In the future, fighting cancer may no longer mean grueling chemotherapy, but genetically altered immune systems that can be “remote controlled.”
That’s currently the hope of researchers based at the University of California, San Diego (UCSD), who are investigating if ultrasound waves can manipulate immune system T cells to effectively create a new form of cancer treatment.
The therapy builds off CAR T-cell therapy, which has revolutionized some cancer treatments.
During CAR T-cell therapy, doctors reengineer patient’s T cells, which are part of the immune system, to identify and fight cancer.
However, the technology has only been approved so far for use in nonsolid tumors.
Experts have been searching for a way to have the immune system target solid tumors without also causing the T cells to attack healthy tissues in key organs, such as the lungs or liver.
Using microbubbles to fight cancer
In a study published in Proceedings of the National Academy of Sciences last month, Dr. Peter Yingxiao Wang, a bioengineering professor at UCSD and co-author of the study, wanted to find out if using remote-controlled ultrasound could help create a new form of targeted CAR T-cell treatment.
In this early research, Wang and his co-authors focused on making T cells that responded to ultrasound waves in order to activate them.
The team was able to harness a field of research called “mechanobiology.” It focuses on how a cell perceives, senses, and reacts to environmental cues.
The researchers took T cells and added a “mechnosensor” and microbubbles so that the cells would “perceive” the ultrasound waves. They were then genetically engineered to target cancer cells, potentially rendering them “remote-controlled” cancer therapy.
“We repurpose and twist a little bit,” Yang explained in order to understand how they engineered the cell to control its behavior.
“The ultrasound is essentially a sound but with high frequency,” Yang told Healthline. “They basically utilize the mechanical force or mechanical wave to penetrate inside the tissue.”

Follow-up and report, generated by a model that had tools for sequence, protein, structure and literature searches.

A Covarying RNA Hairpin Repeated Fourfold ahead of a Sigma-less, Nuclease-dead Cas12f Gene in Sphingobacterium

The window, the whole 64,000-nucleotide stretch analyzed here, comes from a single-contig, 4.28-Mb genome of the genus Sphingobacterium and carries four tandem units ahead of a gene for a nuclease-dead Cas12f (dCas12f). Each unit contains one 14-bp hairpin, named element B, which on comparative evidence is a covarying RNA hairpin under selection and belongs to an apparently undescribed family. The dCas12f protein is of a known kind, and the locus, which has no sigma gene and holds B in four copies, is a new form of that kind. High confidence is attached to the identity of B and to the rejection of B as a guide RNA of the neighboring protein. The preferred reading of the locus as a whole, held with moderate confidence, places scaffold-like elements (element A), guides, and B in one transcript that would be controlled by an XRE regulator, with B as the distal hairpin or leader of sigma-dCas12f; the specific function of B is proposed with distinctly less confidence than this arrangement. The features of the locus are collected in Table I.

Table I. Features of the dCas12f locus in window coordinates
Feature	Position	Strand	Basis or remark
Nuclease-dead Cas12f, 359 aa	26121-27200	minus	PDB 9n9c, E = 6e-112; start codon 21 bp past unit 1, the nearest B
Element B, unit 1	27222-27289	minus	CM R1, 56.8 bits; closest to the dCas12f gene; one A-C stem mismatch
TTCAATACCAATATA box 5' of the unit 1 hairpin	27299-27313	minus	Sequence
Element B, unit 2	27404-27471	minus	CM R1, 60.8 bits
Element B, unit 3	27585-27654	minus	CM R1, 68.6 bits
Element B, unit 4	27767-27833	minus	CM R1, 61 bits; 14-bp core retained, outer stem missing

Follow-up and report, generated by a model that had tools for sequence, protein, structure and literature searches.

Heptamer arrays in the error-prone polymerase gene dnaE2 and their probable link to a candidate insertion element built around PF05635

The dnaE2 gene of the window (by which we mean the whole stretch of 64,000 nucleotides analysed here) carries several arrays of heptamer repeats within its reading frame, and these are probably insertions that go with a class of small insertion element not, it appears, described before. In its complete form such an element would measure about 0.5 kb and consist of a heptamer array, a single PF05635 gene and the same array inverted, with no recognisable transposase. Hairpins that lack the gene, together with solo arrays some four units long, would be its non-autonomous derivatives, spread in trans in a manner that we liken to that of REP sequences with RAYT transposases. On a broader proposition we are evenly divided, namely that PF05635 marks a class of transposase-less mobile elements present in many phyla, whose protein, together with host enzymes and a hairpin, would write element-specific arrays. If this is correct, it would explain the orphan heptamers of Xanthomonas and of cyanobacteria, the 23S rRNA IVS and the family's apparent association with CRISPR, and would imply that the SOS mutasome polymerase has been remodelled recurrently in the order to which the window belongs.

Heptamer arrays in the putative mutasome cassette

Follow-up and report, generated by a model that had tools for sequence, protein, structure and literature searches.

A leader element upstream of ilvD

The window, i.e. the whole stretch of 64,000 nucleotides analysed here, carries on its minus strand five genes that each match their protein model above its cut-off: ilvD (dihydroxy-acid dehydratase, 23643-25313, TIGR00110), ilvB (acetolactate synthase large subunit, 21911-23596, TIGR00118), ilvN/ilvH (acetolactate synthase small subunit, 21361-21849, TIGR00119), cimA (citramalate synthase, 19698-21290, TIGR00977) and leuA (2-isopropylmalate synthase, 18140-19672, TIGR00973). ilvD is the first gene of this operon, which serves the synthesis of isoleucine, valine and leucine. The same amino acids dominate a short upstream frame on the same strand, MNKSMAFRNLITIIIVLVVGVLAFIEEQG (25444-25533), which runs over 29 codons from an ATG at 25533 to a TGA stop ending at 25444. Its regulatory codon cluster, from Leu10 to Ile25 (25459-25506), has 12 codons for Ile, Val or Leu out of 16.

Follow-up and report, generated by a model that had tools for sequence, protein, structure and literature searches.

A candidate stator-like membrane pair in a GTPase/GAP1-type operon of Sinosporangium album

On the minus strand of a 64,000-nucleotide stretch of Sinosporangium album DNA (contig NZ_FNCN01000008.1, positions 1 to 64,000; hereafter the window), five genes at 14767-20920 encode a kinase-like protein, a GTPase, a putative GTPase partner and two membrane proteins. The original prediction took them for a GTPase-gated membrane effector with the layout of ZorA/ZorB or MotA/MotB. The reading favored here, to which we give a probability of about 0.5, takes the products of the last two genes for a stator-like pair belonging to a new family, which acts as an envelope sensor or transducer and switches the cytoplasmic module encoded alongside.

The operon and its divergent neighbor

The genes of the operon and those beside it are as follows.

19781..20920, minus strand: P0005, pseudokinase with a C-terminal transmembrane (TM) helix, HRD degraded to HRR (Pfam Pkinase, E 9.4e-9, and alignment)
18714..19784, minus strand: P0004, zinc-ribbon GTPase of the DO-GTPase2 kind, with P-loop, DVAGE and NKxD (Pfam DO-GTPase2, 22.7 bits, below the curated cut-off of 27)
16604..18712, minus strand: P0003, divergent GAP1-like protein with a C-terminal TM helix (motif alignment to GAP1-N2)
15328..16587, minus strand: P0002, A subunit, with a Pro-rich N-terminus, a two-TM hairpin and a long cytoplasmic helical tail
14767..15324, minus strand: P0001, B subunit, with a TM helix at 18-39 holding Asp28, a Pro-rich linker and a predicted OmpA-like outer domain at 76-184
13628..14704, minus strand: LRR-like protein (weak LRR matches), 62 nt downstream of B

By utilizing ultrasound waves, Yang could in theory inject a patient with engineered CAR T cells that wouldn’t “activate” unless an ultrasound wave is directed at them.
This could mean a patient with a liver or lung tumor could be treated with the CAR T cells and, in theory, the cells would only start to attack if the ultrasound machine is used in the area where the tumor is present.
This would help protect the patient’s healthy tissue, since the cells would be less likely to mistake important organ tissue for cancer tissue.
This research is still in the early stages and has yet to be proven to work in a cancer patient. But Wang said he hopes it could provide a new pathway for CAR T-cell therapy research that would help more patients.
“This work could ultimately lead to an unprecedented precision and efficiency in CAR T-cell immunotherapy against solid tumors, while minimizing off-tumor toxicities,” Wang said in a statement.
The future of cancer therapy?
Dr. Rebecca Gardner, an oncologist at Seattle Children’s hospital, said this study is a “pretty nifty idea.”
“What’s really unique about this study is that it’s anatomically specific,” said Gardner, who’s also a principal investigator of two CAR T-cell immunotherapy clinical trials at Seattle Children’s. “You have to have the ultrasound machine that goes to where the CAR T cells are and turns them on only in that location.”
Gardner explained that currently CAR T-cell therapies have been used for blood cancers such as leukemia that are diffuse. However, a solid tumor can pose extra risks for using CAR T-cell therapy.
Gardner said currently ensuring that these therapies don’t target healthy tissue or cause other toxic events in patients is difficult. More research will be needed to keep patients safe.
“We’re going to want to better regulate where CAR T cells are and when they have expression and when they don’t,” Gardner told Healthline.
However, she said this study adds to new research focused on understanding CAR T-cell therapy’s impact on solid tumors, including brain tumors.
“I think brain tumors may be the next thing where CAR T cells can be impactful,” Gardner said. It may be “there’s not a ton of immune system in your brain and it’s a little bit easier to impact it.”
However, she said this field of research will require much more investigation before any of these therapies are being used on a widespread basis.
“There’s so many compelling factors in solid tumors that prevent the immune system from getting there and working,” she said. “It’s not as simple as a solution as, here’s a CAR T cell for a solid tumor.”